It started with loss of balance, numbness of the left arm and severe headaches that gradually worsened. Andrea was 15 when her mother, Luisa, who works for a neurology practice, brought her in for neurological testing and a CT scan. The imaging study revealed an unusually large, dense mass in the posterior fossa - the lower back of the skull containing the brain stem and cerebellum- with obstructive hydrocephalus, a buildup of fluid inside the skull that leads to brain swelling.
The neurologist referred Andrea to David Sandberg, MD, F.A.A.N.S., F.A.C.S., F.A.A.P., who affiliated with the Mischer Neuroscience Institute at Memorial Hermann in 2012 as director of pediatric neurosurgery. He holds joint appointments as an associate professor in the departments of Neurosurgery and Pediatric Surgery at The University of Texas Health Science Center at Houston (UTHealth) Medical School.
"On examination, Andrea was a healthy child with normal speech and mental abilities," Dr. Sandberg says. "She had mild partial loss of movement in the left central area of her face, was minimally unsteady and uncoordinated in walking, but was otherwise neurologically intact. Her symptoms were strikingly mild compared to the extent of the abnormality on her brain scans."
An MRI confirmed the presence of a large infiltrative neoplasm involving the brain stem and cerebellum, and spreading along the cerebrospinal fluid (CSF) pathways to the lateral and third ventricles of the brain. "The bulk of the tumor was present in the posterior fossa, mainly the brain stem but also the cerebellum, and it had spread to the CSF fluid-filled cavities of the brain,carpeting the floor of the third ventricle and the walls of lateral ventricles," Dr. Sandberg says. "It was blocking the flow of CSF, preventing it from circulating and causing massively enlarged ventricles."
To treat the hydrocephalus and make a diagnosis, Dr. Sandberg performed a right frontal endoscopic tumor biopsy and third ventriculostomy, a minimally invasive alternative to shunt placement for the treatment of hydrocephalus. Both the biopsy and third ventriculostomy were performed via a single skin incision only a few centimeters long. The third ventriculostomy, which takes only a few minutes, allows fluid in the brain to bypass a blockage caused by the tumor and circulate normally. For selected patients,the procedure avoids insertion of a shunt, which is associated with many complications.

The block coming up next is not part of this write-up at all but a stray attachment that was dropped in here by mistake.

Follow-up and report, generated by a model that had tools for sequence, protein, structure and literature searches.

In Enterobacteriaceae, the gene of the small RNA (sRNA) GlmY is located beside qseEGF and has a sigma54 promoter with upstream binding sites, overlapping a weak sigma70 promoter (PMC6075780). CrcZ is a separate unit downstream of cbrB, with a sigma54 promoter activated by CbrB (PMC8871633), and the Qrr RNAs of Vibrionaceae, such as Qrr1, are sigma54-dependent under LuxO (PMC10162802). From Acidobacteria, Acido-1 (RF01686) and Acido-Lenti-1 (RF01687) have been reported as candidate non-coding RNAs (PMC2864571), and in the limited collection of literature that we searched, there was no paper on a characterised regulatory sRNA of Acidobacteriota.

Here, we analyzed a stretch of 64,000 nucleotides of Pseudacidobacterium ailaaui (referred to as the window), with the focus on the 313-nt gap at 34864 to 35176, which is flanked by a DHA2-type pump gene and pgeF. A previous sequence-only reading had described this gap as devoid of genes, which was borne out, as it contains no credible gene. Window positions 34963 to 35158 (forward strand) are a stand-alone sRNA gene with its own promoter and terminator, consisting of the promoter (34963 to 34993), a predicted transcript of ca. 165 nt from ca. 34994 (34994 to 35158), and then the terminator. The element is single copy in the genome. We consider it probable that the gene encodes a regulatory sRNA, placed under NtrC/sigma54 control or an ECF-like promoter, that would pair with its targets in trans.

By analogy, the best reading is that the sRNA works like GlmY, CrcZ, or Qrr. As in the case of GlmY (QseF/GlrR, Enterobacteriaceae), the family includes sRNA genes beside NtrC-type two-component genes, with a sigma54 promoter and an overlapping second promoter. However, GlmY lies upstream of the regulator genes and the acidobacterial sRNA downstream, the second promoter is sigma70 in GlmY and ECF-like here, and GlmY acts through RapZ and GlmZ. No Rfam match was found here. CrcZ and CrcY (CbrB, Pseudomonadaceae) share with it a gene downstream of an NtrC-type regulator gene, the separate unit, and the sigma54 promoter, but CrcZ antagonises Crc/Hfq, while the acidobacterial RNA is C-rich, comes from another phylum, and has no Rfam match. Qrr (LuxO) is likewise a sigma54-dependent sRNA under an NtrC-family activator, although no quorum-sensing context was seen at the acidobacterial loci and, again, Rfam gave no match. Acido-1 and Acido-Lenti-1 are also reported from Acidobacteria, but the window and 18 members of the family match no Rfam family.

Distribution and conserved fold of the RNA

"The endoscopic third ventriculostomy was successful, and in total,we took 10 biopsies from different nodules," says Dr. Sandberg,whose major clinical interests include pediatric brain tumors, minimally invasive endoscopic approaches to brain tumors and hydrocephalus, congenital spinal anomalies, vascular malformations, spasticity and craniofacial disorders in children. "Andrea had no new deficits after surgery. To our surprise, the final pathology report was neurocytoma. Neurocytoma with widespread infiltration of the brain stem and cerebellum had not been previously reported."
Dr. Sandberg made the decision to treat Andrea conservatively with close follow-up because of the low grade of the tumor. Over the four years that have passed since her diagnosis, no additional treatment has been required, and repeated MRI scans have shown no change in tumor size.
"Andrea and her mother are really good people," Dr. Sandberg says. "She's a great kid with a very positive attitude who's leading a normal life. You don't have to be a neurosurgeon to look at her imaging studies and wonder why she's not seriously impaired. I'm particularly proud of this case because we were able to approach it in a minimally invasive way. Using an endoscopic approach we accomplished our two goals: we treated the hydrocephalus, and we made a diagnosis that allowed a thoughtful treatment plan."
"It's all about being positive and having faith in the process," Andrea says. "It's not easy for parents who know their child has a brain tumor. My mom and dad were distraught, but I took it with a smile. I said, 'I'm okay, I'm fine and we're going to get through it.'"
Today, Andrea is a sophomore studying psychology at Miami Dade College, with plans for a career in neuropsychology or child psychology. "She's an A student, and next year she'll be starting at Florida International University in Miami," her mother says. "When I think of Dr. Sandberg, I see an angel. That was my first impression of him, and it's the one I still remember today."